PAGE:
A couple of years ago I bought a Acer Aspire easyStore H340 to use as a home NAS device. While the H340 came with Windows Server, I decided to replace it with Debian Linux running on an external USB stick. Besides using it for basic file storage, I use Nginx to stream MP4s to Roku devices throughout my home using Roksbox; I use forked-daapd to stream FLACs to iTunes (albeit with limited success – foobar2000 pointing to the CIFS file share works better); and I use CrashPlan to back up my important data (e.g. pictures) to the Internet.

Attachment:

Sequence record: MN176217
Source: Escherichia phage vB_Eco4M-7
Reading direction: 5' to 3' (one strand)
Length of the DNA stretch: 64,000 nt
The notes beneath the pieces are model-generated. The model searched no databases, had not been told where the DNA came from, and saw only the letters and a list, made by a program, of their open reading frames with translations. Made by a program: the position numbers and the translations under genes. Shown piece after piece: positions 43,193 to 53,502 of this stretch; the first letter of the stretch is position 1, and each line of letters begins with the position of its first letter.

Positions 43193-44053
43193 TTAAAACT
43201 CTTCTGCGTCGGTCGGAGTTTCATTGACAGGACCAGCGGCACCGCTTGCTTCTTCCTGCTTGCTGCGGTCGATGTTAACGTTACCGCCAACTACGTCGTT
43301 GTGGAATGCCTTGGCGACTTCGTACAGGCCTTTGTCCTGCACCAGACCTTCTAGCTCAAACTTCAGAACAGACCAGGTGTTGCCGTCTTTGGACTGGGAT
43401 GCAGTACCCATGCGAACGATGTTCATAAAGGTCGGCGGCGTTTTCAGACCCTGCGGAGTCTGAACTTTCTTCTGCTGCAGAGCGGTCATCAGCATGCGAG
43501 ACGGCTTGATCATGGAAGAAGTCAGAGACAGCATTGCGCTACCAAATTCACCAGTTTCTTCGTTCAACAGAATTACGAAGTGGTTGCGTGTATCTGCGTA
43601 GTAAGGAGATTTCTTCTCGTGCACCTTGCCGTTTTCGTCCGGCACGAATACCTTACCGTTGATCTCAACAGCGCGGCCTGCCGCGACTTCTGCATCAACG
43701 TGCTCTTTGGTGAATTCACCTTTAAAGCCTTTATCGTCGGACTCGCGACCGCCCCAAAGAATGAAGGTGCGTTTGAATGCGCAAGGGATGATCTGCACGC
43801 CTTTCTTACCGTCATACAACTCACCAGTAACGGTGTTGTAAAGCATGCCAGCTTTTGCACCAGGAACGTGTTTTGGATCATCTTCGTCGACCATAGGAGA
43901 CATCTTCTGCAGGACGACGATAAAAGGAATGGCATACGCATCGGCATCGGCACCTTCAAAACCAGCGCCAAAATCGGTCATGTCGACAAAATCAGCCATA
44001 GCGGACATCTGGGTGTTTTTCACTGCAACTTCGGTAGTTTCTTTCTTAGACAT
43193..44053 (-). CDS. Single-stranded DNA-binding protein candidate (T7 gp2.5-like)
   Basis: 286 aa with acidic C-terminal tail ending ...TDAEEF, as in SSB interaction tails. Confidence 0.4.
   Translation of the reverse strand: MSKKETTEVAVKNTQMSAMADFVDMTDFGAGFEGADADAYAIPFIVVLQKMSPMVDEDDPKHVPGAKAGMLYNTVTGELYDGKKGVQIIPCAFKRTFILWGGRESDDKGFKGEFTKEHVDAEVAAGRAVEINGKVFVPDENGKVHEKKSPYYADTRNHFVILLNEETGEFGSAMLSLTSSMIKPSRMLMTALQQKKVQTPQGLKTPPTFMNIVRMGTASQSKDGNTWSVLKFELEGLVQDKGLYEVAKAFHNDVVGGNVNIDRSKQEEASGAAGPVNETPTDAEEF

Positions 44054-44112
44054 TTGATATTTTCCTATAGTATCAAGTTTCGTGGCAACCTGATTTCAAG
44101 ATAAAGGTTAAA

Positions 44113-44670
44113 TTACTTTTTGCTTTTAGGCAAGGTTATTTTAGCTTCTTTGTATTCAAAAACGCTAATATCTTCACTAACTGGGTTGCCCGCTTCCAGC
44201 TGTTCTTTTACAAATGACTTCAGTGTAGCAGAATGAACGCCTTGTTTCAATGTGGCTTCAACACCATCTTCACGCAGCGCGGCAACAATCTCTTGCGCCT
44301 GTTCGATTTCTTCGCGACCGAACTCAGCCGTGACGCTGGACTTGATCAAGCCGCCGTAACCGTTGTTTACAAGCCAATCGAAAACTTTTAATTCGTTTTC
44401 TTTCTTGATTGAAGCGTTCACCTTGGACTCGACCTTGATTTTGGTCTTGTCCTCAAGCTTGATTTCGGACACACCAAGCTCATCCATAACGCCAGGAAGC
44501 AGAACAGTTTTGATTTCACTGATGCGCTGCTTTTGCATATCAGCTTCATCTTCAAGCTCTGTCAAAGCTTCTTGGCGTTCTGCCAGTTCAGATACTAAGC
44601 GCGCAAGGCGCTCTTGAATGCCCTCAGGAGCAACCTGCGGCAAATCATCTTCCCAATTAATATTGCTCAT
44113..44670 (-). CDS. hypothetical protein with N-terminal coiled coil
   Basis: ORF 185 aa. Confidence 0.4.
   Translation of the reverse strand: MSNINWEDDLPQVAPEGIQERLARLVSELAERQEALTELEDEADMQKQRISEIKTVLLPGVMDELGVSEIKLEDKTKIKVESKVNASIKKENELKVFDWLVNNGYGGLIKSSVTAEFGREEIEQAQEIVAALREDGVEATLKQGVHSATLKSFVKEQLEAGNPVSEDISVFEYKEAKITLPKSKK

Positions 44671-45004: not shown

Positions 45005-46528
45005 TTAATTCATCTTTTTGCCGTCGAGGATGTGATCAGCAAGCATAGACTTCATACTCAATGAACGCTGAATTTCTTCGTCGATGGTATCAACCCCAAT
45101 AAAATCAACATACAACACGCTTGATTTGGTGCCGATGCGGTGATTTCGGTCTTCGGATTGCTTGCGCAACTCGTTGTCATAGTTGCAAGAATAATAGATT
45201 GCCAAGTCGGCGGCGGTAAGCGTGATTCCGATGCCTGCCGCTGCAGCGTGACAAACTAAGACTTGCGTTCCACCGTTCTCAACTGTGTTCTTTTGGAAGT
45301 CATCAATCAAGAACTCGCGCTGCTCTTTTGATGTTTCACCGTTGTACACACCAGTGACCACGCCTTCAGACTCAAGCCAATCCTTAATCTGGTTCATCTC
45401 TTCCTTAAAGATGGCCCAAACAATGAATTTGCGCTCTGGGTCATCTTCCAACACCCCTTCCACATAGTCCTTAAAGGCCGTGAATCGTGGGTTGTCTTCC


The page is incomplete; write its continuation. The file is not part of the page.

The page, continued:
Two days ago, S.M.A.R.T. indicated that hard drive which originally came with the machine was failing, so I replaced it with a spare I had on-hand. I replaced the hard drive, rebuilt the RAID5 array, and everything seemed fine. However, after upgrading Debian to the latest kernel, the machine failed to boot.
I attached my VGA debugging cable and determined that the machine appeared to be having issues with the boot order. Using the H340 service manual as a reference, I attached a spare jumper to JP3 and changed the boot order in the BIOS. I heard that if you removed this jumper the machine would restore to its default boot order, so I left the jumper in and put everything back.